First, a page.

Monday 24th August 1959

Alec to his parents:

Dear Mum and Dad

Dad’s letter to hand to-day for which many thanks. We certainly have had some thunder but It was not too bad. Last Friday I had some difficulty in getting home due to the trains being badly out of course on the Central Line and of course they had to be packed to suffocation. The seat of the trouble was at Liverpool St the other end of the line. We had very little trouble this end but I suppose we have had one good days rain. The latter did the garden a lot of good but as always we are badly in need of some more. Glad you had a good day at Exmouth. I would not know the place now of course it was so long ago that I was last there. In fact I don’t suppose I remember much of Dawlish, Paignton, Teignmouth or any of the resorts at which we used to spend our holidays. The cream arrived O.K but as I was playing cricket on the Tuesday was unable to touch it that day and by the time I came home on Wednesday it had turned or what was left of it had turned. Thank you for the plums and tomatoes. They were very good especially the latter. Some of the plums were wearing fur coats when they were unpacked so had to sort them over. The next day some more had started to grow them so as we could not eat them at that rate I have made about six lbs into wine. I have the tops well covered with muslin but the wine flies are very active in the shed. Yes the girls are a couple of nibs when they dress up and you can bet that Carol does her full share of showing off. I have just seen the new baby. I went in to borrow the wheelbarrow and was invited in to inspect as Dorothy had been allowed to get up to-day. He is a bonny lad and the months will soon pass till the time when he will be look through the fence to Susan and Carol. Take a dim view of this gardeners weekly lark. I suppose it is a change from Housewives Choice. I am not surprised that you have had a good crop of spuds from that patch at the bottom of the garden. The only risk is from leatherjackets which are present in turf or newly dug soil. I hope you will start to use the yeast that I gave you as when properly organised it will save you from buying any and will practically last for ever. The East African Railway stuff is very interesting, and I shall be glad to have any more bits like that which you may receive. Of course I will keep it for you when you come up. Please take no notice of Question Marks in this correspondence, they appear when I hit the key adjacent to the full stop. We are holding the big meeting to-morrow to pass the draft report for press. So far we have got the draft past the technical people (Civil and Mechanical and Electrical Engineers) also the London District. Each member has received a photostat copy of the draft report and it is the intention to take it paragraph by paragraph until completed then make every one present sign the waz*. We hope to start printing before 5-0pm to-morrow. The material will be edited this end and then will go to Swindon to be bound into the covers which they have already prepared. The whole thing will out first week in September on schedule. Yesterday the team were called up to Paddington for a meeting with Wilkinson Barnes, Baynton-Hughes and Charly Pinkham from the Staff Off ice to discuss the action to be taken as a result of the “Expenses Decree” There is no doubt a very good case (morally) for giving the Work Study Staff a more liberal helping of the expenses than would be due to ordinary relief staff especially in view of what is expected from them and particularly from the point of view of the savings that accrue. In view of my commitments I was not asked to the meeting but attended the lunch. H.L.W. certainly does it in great style two lots of beer, the second lot without asking, and port to finish. We have since knocked out three foolscap pages of bona fide points which we think will count in our favour for special dispensation to be given in this matter. This will be signed by the team leaders and myself and presented to him at his request. He will then take what action he can supported by an official application from us. I see that Assistant to D.O.S. Paddington is advertised on this weeks list. The job is only temporary as are all jobs these days unless they are part of the new organisation. From what I can make of it most of the D.O.S.O. Assistants etc. either know or think they know that they will become redundant. That of course is not a bad thing in the present set of circumstances. From what I can see of it there will not be much in the divisions or Districts for people at my level and the best thing to do now is to get out on a different tack. Shall have a go at the London job with a fair hope of success. They can interview who they like and they can pick who they like but no other candidate will come to the interview armed with knowledge of Reading Yards , Station and Old Oak Common ( All Work Study ) and Paddington Terminal Arrangements. Have more or less got as much rubble and hard core as I can usefully stow away under new path so expect that I shall get the cement and mix up enough to cover the top this week end. Pity you did not see the T.V. bit on Reading, It is constantly in the news so I would not be surprised if it did not come on again one day. Well I hope you are keeping well as we are all here, The girls had their hair cut yesterday. Doug still on leave took them over to Eastcote along with Ethel. Still a number of slugs about. June put paid to some yesterday just after dark and I see that there are a few about to-night. Have operated the salt to good effect. As said we enjoyed the tomatoes, they were very large and juicy.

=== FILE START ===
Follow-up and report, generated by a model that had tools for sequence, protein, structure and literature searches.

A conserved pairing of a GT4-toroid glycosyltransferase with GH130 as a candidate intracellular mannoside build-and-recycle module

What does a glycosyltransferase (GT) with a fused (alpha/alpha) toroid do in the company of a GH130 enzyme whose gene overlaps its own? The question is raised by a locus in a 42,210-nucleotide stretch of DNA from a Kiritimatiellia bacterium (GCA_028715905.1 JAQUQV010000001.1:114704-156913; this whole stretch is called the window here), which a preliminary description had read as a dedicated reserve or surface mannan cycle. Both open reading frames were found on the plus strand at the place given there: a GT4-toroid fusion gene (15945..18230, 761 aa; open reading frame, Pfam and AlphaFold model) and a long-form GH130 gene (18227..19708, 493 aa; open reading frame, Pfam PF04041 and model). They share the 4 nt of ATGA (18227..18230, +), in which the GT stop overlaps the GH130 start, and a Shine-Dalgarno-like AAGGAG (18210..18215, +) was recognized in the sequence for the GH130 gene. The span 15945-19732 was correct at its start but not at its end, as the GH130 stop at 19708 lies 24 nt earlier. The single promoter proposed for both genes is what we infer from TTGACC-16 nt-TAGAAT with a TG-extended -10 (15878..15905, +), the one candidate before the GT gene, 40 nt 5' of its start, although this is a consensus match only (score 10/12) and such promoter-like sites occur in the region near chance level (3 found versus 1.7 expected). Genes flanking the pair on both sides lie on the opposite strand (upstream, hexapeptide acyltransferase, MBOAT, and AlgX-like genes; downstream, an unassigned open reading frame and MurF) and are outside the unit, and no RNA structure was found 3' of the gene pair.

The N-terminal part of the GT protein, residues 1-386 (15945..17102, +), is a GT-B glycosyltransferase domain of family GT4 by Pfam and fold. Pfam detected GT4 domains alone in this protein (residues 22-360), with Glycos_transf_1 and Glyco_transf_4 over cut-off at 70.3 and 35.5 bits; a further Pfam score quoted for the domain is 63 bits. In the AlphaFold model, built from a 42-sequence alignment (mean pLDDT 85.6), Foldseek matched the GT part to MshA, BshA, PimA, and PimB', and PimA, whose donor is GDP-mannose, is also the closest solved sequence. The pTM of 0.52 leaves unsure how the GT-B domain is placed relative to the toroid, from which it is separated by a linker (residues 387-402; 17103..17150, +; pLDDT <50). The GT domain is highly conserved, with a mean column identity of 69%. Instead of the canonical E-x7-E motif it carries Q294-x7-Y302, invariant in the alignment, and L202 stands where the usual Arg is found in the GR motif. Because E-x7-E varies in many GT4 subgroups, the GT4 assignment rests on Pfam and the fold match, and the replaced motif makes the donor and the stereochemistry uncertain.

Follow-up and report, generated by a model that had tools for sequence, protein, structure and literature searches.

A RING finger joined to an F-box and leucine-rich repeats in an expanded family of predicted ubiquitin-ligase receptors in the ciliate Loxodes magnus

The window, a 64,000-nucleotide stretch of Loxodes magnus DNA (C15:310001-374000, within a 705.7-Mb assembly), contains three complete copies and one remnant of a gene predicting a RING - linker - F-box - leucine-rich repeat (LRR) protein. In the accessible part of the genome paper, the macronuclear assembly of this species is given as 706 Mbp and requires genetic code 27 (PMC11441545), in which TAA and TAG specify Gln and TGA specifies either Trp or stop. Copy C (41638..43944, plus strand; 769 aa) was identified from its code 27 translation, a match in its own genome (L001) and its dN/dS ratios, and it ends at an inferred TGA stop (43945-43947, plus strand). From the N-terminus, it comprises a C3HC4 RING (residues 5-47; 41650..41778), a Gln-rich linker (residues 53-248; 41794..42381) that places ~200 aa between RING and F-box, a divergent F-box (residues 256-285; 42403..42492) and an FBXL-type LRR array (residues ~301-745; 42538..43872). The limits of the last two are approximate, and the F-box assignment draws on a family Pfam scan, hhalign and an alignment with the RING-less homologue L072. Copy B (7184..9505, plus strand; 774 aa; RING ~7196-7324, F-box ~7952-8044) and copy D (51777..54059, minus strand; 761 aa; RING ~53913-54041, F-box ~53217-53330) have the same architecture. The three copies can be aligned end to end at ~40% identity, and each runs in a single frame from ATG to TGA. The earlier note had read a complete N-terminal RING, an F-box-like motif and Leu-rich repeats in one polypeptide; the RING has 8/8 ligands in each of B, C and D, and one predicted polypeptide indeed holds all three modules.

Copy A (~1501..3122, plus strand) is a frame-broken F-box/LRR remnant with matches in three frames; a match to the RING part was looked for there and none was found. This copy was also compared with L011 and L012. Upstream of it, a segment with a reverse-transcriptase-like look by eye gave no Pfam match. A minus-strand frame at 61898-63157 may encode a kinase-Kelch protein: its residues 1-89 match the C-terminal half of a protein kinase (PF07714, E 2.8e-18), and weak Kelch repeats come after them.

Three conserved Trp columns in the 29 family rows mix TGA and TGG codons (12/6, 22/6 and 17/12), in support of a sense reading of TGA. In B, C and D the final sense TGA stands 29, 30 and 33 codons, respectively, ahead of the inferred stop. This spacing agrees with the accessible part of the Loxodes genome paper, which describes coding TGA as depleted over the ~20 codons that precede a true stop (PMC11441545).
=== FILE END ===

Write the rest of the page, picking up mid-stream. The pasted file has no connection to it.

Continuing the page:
Will close now till next time, and will await your further news.

Love from June, Susan, Carol and Alec

*’Waz’ is an interesting word, and the best suggestion I can come up with is that it’s possibly the German equivalent of ‘bumf’ and likely to be an expression Leonard brought back with him from his service in the First World War (of which a lot more, but later). Online sources only refer to slang words for urination, and I never heard either Alec or Leonard use any expression less genteel than ‘wee’.